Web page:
The technical simplicity and relative tolerability of TCRF tongue reduction could make it an appealing option for practitioners and for patients with multilevel obstruction as an initial site-directed operation in combination with UPPP.
* Does the addition of TCRF tongue reduction to UPPP add to the risk of adverse effects or to the degree of discomfort?
Treatment consisted of an initial operative procedure under general anesthesia in which all patients underwent traditional surgical UPPP, along with removal of the tonsils (if present), septoplasty (if indicated), and turbinate reduction (either surgical submucosal resection or TCRF tongue--reduction, depending on the type of turbinate obstruction).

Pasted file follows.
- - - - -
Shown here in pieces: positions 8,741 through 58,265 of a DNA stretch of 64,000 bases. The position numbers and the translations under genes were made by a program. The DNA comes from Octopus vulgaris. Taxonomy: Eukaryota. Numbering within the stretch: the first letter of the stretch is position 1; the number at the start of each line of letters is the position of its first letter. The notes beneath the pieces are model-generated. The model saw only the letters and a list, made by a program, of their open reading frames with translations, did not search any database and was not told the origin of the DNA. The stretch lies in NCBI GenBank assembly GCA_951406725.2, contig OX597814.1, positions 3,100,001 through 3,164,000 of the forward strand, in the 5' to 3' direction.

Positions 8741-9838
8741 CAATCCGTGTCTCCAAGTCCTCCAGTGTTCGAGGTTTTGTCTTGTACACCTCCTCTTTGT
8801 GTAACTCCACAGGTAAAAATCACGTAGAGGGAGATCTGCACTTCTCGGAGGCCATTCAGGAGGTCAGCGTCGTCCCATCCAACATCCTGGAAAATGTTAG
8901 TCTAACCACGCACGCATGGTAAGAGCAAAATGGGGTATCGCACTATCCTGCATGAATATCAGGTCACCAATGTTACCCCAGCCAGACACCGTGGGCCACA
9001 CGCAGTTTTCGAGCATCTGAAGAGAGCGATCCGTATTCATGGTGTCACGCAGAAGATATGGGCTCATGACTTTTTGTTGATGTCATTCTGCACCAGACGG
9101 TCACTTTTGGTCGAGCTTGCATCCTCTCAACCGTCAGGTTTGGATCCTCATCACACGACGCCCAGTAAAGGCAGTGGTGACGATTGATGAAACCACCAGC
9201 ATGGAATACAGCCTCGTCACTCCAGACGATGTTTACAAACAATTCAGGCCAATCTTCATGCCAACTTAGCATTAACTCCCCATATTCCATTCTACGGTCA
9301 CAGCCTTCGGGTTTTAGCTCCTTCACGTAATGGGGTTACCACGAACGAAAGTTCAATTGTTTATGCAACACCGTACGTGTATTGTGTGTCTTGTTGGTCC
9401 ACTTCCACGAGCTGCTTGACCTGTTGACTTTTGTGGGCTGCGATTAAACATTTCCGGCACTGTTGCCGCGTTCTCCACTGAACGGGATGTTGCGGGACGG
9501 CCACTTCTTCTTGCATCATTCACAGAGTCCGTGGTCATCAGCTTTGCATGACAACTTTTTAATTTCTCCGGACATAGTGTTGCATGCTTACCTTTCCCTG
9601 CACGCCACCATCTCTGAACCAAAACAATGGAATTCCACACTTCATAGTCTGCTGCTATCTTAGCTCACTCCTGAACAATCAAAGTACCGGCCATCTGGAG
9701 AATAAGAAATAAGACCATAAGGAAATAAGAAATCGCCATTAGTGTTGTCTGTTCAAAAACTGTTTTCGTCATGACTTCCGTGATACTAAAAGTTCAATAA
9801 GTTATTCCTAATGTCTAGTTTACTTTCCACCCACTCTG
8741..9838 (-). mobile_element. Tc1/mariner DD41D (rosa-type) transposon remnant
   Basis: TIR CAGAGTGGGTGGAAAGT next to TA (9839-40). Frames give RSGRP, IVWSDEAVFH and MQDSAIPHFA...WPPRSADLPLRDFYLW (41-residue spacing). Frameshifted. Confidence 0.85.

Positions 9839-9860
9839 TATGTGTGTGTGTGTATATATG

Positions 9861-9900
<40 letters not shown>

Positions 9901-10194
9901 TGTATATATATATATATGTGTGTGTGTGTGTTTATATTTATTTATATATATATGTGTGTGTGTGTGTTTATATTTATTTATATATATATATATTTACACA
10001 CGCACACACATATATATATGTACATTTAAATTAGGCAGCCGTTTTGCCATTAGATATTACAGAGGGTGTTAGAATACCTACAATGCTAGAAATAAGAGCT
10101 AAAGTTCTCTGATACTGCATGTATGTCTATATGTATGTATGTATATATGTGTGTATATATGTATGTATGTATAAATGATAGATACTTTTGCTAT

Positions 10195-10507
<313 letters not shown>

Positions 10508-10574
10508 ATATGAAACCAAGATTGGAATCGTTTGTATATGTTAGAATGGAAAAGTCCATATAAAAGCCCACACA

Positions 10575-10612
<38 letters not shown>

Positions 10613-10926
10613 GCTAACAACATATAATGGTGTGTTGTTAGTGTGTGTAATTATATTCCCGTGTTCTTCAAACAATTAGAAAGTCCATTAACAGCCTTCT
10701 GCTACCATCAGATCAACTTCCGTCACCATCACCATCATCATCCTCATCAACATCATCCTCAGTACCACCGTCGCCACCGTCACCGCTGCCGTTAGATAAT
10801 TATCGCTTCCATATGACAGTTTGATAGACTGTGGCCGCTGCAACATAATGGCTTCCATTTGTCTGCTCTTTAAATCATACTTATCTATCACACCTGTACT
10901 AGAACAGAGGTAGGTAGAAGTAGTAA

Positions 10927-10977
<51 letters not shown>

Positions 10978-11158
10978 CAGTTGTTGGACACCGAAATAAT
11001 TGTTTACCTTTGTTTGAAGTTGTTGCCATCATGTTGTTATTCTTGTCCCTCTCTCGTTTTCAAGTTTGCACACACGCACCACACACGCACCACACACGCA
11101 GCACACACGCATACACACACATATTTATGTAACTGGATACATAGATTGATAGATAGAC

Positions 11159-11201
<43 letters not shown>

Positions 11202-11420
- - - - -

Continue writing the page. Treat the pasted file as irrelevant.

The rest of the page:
Subsequently, nine of the 10 remaining patients in group 2 underwent two additional in-office TCRF tongue reductions under local anesthesia; these repeat TCRF tongue-reduction procedures were spaced 3 to 6 weeks apart.
The subsequent in-office TCRF tongue reductions administered to the nine patients in group 2 under local anesthesia were well tolerated, and most of them were able to return to normal activity within 24 hours (table).
All patients in both groups, including the one patient in group 2 who underwent only one TCRF procedure, reported subjective improvement in their OSAS symptoms (figure).
Foremost among them is that the addition of TCRF tongue reduction to UPPP does not appear to significantly increase the degree of pain and morbidity or the incidence of complications compared with UPPP alone.